• Magnesium Chloride, Magnesium Citrate, Magnesium Fumarate, Magnesium Gluconate, Magnesium Malate, Magnesium Orotate, Magnesium Oxide, Magnesium Sulfate
• ]]>Diabetes]]>, ]]>Hypertension]]>, ]]>Kidney Stones]]>, ]]>Migraine Headaches]]>, Noise-related ]]>Hearing Loss]]>
• ]]>Angina]]>, ]]>Asthma]]>, ]]>Atherosclerosis]]>, ]]>Autism]]>, ]]>Congestive Heart Failure]]>, Coronary Artery Disease, ]]>Fatigue]]>, ]]>Fibromyalgia]]>, ]]>Glaucoma]]>, Low HDL ("Good") Cholesterol, ]]>Mitral Valve Prolapse]]>, ]]>Osteoporosis]]>, ]]>Dysmenorrhea]]> (Painful Menstruation) , ]]>Premenstrual Syndrome]]> (PMS) , ]]>Preeclampsia]]>, ]]>Pregnancy-induced Leg Cramps]]>, ]]>Restless Legs Syndrome]]>, ]]>Stroke]]>
• Following a ]]>Heart Attack]]>
Magnesium is an essential nutrient, meaning that your body needs it for healthy functioning. It is found in significant quantities throughout the body and used for numerous purposes, including muscle relaxation, blood clotting, and the manufacture of ATP (adenosine triphosphate, the body's main energy molecule).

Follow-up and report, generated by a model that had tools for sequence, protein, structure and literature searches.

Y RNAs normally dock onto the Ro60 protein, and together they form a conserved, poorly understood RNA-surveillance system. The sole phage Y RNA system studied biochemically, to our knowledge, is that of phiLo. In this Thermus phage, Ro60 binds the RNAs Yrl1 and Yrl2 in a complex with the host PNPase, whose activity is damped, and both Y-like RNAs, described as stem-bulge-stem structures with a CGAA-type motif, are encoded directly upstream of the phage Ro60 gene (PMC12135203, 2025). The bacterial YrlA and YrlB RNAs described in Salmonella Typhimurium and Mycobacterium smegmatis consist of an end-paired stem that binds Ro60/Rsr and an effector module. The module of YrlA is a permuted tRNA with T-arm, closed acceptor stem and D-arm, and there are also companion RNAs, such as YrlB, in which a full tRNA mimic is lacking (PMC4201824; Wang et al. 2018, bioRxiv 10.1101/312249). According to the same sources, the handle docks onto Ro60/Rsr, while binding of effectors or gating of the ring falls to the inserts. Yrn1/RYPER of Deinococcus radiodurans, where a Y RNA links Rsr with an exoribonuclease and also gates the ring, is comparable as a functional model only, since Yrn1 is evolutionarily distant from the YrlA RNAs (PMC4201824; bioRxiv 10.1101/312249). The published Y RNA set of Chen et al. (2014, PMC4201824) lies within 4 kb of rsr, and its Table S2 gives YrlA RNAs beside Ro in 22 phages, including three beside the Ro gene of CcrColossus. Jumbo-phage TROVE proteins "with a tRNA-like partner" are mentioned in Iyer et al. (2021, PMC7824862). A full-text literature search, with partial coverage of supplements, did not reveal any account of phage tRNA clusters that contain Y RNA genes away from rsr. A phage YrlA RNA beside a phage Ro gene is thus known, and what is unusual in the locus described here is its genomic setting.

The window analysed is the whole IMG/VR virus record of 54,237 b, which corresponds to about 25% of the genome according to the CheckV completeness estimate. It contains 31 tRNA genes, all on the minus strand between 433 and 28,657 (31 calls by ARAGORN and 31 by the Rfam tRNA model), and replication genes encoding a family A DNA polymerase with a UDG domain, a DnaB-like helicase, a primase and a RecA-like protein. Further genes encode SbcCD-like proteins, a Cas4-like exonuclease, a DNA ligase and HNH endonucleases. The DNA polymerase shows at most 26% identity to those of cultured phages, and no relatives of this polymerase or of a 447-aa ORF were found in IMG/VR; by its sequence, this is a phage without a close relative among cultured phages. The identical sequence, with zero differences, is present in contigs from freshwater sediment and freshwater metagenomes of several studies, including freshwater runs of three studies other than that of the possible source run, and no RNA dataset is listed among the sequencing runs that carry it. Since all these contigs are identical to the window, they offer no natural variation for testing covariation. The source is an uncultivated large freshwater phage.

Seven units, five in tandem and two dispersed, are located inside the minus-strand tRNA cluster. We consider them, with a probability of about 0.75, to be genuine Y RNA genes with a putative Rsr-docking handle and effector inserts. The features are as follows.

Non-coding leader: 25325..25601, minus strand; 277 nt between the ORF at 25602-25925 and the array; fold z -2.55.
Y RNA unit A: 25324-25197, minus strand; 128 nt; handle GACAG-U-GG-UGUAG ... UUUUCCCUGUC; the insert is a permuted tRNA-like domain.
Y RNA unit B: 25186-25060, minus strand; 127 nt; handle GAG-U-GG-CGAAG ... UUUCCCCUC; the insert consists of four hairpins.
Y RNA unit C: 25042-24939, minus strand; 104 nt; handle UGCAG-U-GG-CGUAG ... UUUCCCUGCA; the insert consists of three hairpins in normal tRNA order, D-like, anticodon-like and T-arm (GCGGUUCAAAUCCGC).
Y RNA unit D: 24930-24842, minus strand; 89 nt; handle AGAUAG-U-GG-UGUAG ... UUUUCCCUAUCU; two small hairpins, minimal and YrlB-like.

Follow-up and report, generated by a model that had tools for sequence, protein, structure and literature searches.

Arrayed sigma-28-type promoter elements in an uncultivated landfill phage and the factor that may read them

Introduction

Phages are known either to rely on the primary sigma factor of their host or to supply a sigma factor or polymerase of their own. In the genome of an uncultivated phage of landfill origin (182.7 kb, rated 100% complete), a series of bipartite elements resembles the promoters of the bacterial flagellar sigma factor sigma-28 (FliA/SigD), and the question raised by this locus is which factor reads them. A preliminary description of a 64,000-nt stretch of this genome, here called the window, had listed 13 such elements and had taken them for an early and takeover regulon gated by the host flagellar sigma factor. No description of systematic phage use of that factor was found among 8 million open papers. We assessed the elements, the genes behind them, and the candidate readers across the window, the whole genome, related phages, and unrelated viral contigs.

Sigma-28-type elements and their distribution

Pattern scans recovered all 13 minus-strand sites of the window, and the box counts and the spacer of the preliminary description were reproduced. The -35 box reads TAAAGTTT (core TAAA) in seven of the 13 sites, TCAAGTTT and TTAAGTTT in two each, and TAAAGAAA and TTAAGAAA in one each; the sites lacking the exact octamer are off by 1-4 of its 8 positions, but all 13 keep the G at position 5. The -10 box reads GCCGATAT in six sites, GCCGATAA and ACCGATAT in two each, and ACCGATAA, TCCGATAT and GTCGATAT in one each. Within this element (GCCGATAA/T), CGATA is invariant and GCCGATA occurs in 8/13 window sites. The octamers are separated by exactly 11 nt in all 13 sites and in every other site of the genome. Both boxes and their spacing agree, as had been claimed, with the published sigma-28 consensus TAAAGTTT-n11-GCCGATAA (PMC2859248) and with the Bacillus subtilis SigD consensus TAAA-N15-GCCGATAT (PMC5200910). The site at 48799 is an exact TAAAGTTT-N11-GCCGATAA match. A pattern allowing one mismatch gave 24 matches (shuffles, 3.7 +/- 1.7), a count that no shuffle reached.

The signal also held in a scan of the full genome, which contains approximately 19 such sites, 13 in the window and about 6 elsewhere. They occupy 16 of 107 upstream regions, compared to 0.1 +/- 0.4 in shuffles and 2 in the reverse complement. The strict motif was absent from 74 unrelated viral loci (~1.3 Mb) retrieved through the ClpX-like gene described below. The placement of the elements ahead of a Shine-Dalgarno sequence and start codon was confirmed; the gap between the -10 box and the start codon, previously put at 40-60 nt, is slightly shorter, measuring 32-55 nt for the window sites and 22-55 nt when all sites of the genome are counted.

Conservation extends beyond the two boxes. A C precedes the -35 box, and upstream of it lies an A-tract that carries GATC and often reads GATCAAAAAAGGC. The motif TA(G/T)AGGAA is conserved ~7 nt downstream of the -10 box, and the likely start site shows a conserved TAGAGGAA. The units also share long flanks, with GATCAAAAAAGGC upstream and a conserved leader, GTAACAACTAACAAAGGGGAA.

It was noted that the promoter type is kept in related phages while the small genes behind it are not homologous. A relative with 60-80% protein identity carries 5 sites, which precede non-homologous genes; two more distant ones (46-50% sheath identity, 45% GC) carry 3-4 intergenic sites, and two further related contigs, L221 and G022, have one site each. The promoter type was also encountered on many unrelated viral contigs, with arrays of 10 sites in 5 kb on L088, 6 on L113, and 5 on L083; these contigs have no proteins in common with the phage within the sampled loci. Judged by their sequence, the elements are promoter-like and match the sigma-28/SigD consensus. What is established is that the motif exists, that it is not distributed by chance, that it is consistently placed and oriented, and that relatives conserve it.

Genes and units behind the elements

It has been called nature's calcium channel blocker. The idea refers to magnesium's ability to block calcium from entering muscle and heart cells. A group of prescription heart medications work in a similar way, although much more powerfully. This may be the basis for some of magnesium's effects when it is taken as a supplement in fairly high doses.
Requirements for magnesium increase as we grow and age. The official US and Canadian recommendations for daily intake are as follows:
- 0-6 months: 30 mg
- 7-12 months: 75 mg
- 1-3 years: 80 mg
- 4-8 years: 130 mg
- 9-13 years: 240 mg
- 14-18 years: 410 mg
- 19-30 years: 400 mg
- 31 years and older: 420 mg
- 9-13 years: 240 mg
- 14-18 years: 360 mg
- 19-30 years: 310 mg
- 31 years and older: 320 mg
- Pregnant Women
- 18 years and younger: 400 mg
- 19-30 years: 350 mg
- 31-50 years: 360 mg
- Nursing Women
- 18 years and younger: 360 mg
- 19-30 years: 310 mg
- 31-50 years: 320 mg
Note : These recommendations refer to total intake from food plus supplements. The average diet provides a daily intake of magnesium very close to these amounts.